I have been sadly observing the power struggles, competition for economic benefits, and bursts of anger among the tariqats (Islamic orders) and Islamic community groups in Turkey.
We do not know yet what the legal basis on which the alliance between the ruling Justice and Development (AKP) and the Nationalist Movement Party (MHP) will look like. I need to emphasize this: Removing the ten-percent electoral threshold for political parties that seek to form an election alliance but keeping it in place for other parties violates the constitution‘s principle of equality.
Following President Recep Tayyip Erdoğan’s call to remove “Turkish” from the names of the Turkish Medical Association and the Union of Turkish Bar Associations, based on the assumption that they have not supported “Operation Olive Branch” into Syria, debates have turned to the concepts of “Turkishness” and “Turkey.”
The People’s Protection Units (YPG) are believed to control a 70,000-square kilometer area in Syria. The largest part of this land under YPG control stretches from “east of the Euphrates” to “the Iranian border” (area highlighted in yellow in the map).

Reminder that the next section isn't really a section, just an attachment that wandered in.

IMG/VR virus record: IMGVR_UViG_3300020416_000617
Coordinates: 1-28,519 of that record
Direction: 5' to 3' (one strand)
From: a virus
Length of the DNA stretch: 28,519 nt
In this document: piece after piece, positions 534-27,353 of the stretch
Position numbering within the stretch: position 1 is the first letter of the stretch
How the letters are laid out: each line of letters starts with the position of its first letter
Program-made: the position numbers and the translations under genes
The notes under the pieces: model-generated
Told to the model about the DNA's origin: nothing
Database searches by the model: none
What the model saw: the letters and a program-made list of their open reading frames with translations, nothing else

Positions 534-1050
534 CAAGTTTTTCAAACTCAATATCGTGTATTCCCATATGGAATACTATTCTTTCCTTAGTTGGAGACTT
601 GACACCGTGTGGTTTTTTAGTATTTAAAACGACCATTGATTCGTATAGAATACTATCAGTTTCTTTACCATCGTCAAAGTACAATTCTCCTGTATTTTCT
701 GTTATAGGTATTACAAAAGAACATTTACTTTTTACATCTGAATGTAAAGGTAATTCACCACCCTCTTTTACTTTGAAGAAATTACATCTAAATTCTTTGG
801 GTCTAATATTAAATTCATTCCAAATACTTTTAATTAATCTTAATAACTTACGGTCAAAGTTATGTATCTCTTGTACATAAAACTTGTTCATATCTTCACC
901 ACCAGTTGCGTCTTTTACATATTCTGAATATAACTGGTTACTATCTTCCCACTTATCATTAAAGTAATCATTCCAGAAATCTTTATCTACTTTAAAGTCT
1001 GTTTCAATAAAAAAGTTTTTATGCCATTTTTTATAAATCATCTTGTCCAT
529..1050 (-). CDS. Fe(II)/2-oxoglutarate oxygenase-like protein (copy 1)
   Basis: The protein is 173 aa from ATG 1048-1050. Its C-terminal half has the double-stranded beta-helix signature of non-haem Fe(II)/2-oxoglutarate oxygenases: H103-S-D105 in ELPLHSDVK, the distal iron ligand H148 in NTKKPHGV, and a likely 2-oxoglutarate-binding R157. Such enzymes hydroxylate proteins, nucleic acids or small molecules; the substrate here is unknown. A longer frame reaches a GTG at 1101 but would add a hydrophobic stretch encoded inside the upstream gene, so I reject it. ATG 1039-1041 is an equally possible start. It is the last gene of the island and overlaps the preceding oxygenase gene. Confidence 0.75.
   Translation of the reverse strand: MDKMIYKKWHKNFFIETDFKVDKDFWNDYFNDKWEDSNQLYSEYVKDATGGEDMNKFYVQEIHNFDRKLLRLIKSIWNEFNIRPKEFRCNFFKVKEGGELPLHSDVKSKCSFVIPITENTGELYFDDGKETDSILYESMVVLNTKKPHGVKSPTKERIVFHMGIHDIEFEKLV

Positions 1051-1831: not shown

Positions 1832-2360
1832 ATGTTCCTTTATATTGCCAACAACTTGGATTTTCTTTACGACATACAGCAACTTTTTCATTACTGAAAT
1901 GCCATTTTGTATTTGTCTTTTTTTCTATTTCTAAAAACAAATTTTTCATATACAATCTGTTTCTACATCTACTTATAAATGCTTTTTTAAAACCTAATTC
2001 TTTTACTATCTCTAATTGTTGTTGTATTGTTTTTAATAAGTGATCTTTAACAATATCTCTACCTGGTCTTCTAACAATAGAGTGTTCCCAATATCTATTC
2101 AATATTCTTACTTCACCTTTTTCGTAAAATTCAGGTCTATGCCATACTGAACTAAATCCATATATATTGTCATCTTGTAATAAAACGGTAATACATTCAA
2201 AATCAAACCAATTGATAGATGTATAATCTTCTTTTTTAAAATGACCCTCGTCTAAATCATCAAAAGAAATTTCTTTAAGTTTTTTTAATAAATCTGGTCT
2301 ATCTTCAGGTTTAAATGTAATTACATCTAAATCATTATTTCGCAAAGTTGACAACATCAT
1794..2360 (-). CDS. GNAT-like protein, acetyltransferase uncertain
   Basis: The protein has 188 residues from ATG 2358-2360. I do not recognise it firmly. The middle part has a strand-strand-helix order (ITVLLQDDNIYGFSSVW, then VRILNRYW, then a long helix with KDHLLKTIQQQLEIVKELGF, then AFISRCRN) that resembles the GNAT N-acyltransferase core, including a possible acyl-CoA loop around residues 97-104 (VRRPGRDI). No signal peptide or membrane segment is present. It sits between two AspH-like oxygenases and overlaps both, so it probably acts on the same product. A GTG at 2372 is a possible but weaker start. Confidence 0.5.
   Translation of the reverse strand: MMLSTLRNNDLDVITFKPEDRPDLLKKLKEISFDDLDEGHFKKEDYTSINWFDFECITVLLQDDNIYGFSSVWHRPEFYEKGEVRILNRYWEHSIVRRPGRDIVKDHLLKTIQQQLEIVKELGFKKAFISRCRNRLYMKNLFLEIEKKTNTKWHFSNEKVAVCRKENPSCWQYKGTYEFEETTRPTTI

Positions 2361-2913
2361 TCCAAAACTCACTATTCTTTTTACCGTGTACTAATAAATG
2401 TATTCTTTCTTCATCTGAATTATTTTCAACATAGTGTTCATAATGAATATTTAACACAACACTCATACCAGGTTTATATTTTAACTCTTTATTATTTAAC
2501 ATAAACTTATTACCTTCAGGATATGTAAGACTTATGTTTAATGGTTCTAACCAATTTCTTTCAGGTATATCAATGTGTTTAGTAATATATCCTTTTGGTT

It is not enough for courts to be independent and impartial, it is also necessary for the public to believe they actually are.
For the first time in our judicial history, a local court decided not to execute the decision of the Constitutional Court.
The Constitutional Court has finally made a move and has decided to act on the applications of the detained journalists. For months, it has avoided bringing it on the agenda.
The slogan “Crusader-Zionist alliance” is common in many parts of Islamist circles in Turkey. Similarly, the same circles often like to describe the European Union as a “Christian club.”
During President Recep Tayyip Erdoğan’s landmark visit to Athens last week he stirred a debate about the 1923 Treaty of Lausanne, which fixed the borders of modern Turkey and Greece.